Logic and reason will only get you so far. If we aren’t doing what we know we should be doing, it is because our WHY isn’t inspiring. Our reason must be bigger than our excuses. All actions flow from the head to the heart to the hand. If our hands aren’t moving; if we aren’t doing what we need to do, it is because our heart isn’t in it.
Without urgency, desire has no pull. When we are put in a do or die situation, we tend to do. The problem with most people is that their WHY is so weak, that any excuse is enough to sabotage their progress. If we are trying to lose weight, we have to equate eating that junk food in the breakroom with pain. The pain of remaining trapped in a body we aren’t proud of. The extra 20 pounds we are carrying around. “The secret to permanently breaking any bad habit is to love something greater than the habit.” Bryant McGill.
Success is not one giant effort. It is a lot of small decisions made correctly. A powerful WHY will give you that little nudge you need to make the right decision, time after time until it becomes a habit. Eventually, it will become a lifestyle.
“If you know the why, you can live any how.” – Friedrich Nietzsche.
Fortunately, after approximately two months, the new habit will be established. Maintaining the new habit will not require nearly the same amount of energy to sustain as it did to form. Motivation is most important when forming a habit, but I think it is important to understand that the herculean effort it takes to form the habit will not be the same effort required to sustain it.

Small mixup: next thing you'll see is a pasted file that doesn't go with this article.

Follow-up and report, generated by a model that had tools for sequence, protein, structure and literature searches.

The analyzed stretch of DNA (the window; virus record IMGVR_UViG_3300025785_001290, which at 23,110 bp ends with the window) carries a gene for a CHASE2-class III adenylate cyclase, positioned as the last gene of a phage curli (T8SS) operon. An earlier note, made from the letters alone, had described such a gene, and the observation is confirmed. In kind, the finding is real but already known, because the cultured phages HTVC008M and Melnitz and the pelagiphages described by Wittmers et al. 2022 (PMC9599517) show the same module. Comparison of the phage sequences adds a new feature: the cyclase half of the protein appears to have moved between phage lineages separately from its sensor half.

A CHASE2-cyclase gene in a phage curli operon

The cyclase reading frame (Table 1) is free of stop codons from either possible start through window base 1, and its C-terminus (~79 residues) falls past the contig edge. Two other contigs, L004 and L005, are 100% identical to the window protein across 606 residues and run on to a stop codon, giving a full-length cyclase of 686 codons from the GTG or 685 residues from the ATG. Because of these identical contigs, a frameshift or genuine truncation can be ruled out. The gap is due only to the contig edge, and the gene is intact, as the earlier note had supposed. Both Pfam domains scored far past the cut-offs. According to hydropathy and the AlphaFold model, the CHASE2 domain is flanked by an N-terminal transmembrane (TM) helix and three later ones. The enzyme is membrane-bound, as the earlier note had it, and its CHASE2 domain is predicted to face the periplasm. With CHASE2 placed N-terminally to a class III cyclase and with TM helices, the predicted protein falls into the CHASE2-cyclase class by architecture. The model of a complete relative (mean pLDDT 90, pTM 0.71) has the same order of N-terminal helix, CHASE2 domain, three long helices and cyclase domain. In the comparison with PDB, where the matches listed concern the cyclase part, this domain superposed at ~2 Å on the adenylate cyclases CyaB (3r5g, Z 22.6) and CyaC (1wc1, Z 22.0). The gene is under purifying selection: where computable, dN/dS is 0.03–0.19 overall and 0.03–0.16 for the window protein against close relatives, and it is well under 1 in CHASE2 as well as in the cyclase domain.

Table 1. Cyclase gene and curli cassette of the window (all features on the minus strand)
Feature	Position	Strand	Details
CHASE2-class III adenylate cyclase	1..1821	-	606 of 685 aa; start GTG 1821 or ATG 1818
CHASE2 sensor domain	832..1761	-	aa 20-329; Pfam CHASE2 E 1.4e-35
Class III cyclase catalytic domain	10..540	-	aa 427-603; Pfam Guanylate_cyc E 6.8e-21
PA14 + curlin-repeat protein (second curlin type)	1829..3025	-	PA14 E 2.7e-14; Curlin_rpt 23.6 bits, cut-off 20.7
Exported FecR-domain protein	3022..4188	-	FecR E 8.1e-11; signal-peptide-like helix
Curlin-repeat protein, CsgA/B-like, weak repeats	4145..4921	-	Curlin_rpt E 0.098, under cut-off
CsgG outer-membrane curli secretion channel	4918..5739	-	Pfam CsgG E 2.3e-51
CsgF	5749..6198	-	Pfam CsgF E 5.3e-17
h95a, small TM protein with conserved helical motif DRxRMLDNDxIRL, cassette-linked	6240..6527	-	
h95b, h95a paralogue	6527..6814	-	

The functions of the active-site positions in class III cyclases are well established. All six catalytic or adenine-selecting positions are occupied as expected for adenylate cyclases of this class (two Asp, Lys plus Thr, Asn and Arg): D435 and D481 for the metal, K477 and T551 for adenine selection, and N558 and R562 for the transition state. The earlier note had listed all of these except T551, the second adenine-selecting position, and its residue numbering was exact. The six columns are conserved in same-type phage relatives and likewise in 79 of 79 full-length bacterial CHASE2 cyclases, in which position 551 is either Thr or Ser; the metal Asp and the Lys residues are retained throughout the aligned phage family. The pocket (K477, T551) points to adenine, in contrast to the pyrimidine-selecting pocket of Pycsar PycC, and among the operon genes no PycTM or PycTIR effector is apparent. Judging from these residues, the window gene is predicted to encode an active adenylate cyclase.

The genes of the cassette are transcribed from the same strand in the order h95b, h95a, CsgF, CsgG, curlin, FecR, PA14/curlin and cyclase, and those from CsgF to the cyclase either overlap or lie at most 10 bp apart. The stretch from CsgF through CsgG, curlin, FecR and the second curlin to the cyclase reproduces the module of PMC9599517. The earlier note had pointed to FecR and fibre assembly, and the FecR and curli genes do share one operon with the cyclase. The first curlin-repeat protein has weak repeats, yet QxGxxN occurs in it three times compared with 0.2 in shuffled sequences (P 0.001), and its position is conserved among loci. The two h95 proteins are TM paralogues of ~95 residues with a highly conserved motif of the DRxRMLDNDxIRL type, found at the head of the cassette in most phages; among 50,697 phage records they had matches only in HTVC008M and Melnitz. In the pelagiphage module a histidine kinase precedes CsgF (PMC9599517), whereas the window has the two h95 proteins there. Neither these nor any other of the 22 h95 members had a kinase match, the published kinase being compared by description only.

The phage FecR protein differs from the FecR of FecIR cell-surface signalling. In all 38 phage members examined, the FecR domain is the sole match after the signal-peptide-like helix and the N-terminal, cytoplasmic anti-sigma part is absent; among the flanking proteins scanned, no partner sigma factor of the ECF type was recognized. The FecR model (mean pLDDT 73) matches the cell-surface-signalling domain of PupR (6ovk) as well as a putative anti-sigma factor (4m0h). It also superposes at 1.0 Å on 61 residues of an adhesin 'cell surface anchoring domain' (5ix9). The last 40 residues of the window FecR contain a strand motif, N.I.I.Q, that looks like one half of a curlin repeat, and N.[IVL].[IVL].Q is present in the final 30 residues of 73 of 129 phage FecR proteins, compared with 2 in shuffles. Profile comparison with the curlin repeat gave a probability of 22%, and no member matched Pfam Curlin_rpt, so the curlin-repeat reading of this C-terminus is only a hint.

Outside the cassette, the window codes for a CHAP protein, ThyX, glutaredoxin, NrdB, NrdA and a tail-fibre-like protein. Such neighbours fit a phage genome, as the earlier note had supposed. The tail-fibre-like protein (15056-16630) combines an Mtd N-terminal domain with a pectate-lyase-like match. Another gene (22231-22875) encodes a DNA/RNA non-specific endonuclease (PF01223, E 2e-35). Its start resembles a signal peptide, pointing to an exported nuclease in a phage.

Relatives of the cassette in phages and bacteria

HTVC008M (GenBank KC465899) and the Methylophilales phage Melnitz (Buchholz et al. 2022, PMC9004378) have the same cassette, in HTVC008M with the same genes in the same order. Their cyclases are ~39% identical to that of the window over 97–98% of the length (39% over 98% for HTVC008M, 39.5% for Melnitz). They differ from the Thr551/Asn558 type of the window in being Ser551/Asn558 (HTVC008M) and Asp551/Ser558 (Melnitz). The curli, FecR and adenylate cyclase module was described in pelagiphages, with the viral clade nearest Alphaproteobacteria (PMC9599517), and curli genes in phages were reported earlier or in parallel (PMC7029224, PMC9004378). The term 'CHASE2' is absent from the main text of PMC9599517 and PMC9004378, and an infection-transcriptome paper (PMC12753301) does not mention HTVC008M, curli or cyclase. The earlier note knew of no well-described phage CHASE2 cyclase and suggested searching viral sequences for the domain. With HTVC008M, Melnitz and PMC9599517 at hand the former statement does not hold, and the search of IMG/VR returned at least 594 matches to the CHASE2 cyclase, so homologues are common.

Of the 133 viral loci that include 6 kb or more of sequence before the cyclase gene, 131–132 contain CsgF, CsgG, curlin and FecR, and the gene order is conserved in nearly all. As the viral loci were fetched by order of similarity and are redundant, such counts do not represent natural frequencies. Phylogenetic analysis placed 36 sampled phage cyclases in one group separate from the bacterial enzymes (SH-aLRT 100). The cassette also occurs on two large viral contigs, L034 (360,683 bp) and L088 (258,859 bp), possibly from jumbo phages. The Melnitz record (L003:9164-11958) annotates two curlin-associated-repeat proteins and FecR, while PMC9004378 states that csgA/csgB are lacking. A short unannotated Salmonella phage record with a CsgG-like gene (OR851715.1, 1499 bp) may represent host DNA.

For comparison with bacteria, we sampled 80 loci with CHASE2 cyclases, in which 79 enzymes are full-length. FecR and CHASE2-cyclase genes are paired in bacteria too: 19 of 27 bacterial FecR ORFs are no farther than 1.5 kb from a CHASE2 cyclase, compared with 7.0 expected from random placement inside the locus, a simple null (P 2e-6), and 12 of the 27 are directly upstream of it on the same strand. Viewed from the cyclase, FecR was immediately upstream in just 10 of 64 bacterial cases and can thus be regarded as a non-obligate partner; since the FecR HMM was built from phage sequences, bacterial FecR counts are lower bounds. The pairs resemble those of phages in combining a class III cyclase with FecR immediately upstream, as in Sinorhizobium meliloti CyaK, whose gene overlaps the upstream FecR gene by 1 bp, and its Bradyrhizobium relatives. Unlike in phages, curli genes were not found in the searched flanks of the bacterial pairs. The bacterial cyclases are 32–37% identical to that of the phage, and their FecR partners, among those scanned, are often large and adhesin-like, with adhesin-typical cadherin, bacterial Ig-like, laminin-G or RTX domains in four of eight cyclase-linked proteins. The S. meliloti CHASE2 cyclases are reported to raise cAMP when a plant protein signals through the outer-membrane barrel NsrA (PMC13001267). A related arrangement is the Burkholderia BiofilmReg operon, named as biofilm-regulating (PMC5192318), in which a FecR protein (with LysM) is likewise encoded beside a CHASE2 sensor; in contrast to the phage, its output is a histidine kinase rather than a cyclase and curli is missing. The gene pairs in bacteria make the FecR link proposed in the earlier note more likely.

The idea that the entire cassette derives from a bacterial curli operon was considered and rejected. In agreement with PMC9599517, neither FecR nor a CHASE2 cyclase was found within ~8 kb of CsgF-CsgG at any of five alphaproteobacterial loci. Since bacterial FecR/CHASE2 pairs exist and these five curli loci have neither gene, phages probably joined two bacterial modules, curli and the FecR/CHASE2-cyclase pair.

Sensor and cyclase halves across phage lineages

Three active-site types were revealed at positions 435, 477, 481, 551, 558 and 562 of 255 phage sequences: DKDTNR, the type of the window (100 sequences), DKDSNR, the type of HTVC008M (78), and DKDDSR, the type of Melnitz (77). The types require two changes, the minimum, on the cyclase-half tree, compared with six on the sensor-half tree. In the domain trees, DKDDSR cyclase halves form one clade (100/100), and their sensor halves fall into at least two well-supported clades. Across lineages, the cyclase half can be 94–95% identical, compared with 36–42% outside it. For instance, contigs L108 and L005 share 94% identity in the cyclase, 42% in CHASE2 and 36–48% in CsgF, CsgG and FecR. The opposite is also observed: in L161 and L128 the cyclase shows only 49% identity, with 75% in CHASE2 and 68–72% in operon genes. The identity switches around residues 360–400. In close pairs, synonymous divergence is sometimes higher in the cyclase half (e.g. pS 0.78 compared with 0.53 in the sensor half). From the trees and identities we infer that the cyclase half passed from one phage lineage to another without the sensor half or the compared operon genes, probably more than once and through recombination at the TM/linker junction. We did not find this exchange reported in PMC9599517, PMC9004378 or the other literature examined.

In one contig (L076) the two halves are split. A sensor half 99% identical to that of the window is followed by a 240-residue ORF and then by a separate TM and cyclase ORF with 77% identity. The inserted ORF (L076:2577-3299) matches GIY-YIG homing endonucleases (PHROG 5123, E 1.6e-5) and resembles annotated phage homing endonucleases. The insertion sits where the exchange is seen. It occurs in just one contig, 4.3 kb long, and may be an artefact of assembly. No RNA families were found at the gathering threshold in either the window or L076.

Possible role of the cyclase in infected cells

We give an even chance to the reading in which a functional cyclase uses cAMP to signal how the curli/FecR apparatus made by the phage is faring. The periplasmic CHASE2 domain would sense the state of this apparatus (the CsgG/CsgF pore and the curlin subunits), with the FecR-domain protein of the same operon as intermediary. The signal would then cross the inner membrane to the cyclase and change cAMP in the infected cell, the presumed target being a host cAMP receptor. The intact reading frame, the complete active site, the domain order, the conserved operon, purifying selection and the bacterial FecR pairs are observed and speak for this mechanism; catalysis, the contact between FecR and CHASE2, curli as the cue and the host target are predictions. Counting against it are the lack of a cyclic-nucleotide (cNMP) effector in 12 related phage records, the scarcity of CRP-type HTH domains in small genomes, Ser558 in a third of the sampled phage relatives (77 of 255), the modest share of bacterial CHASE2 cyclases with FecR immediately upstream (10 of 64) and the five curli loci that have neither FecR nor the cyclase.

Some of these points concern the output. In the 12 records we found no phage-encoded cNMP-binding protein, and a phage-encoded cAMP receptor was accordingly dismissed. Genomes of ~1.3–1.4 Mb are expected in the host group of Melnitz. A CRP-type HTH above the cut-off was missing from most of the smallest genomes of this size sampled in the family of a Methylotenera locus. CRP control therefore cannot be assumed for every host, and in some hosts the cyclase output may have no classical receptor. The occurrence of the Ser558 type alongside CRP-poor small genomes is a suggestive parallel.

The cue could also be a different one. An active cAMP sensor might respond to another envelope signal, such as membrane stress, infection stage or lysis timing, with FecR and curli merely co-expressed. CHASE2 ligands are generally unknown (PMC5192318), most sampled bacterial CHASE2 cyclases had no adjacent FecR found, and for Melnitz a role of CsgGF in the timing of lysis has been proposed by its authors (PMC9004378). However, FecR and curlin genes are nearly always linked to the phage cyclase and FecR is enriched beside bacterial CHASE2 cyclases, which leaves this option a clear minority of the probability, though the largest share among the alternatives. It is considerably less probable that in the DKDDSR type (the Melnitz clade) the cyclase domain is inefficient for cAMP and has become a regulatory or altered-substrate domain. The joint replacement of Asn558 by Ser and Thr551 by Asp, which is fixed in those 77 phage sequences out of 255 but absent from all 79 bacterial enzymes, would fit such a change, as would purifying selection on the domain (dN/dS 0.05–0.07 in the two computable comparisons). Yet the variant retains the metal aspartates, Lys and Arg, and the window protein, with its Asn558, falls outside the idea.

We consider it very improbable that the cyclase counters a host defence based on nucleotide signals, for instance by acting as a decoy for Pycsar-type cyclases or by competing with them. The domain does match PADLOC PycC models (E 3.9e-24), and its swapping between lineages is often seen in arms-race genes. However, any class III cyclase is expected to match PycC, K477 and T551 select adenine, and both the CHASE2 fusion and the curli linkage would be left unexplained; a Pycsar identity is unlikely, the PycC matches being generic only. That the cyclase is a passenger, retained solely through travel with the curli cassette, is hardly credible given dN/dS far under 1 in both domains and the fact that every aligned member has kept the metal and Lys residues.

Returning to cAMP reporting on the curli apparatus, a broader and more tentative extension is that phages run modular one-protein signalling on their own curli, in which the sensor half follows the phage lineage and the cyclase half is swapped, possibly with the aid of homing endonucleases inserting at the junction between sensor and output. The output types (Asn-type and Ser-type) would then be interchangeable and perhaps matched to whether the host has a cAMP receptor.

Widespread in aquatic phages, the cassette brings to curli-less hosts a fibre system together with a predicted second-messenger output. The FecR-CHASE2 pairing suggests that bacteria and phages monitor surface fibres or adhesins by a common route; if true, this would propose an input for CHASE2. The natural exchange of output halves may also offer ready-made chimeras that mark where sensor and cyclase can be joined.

Besides reconnecting with your WHY each day, listening to a motivational video each day can provide a real boost. Cynics will tell you that motivation doesn’t last, and they are correct, but what does? Perhaps we should stop brushing our teeth and showering. They don’t last either. Being a cynic is easy.
Being negative is easy. Don’t fall into that trap. If you make motivation a habit, you’ll become a more motivated person. Motivation is the most powerful catalyst for action. Energy is more important than intelligence. Knowledge isn’t power until it is applied. Keep your motivation tank topped off and start attacking each day with more drive a determination.
A fantastic video to get you started is Morning Motivation by Video Advice.
Until next week, good luck!
Our success is based on our ratio of good habits to bad habits. Change your habits, change your life!
[i] Chip Heath, and Dan Heath, Switch: How to Change Things When Change Is Hard, Crown Business; 1st edition (February 16, 2010)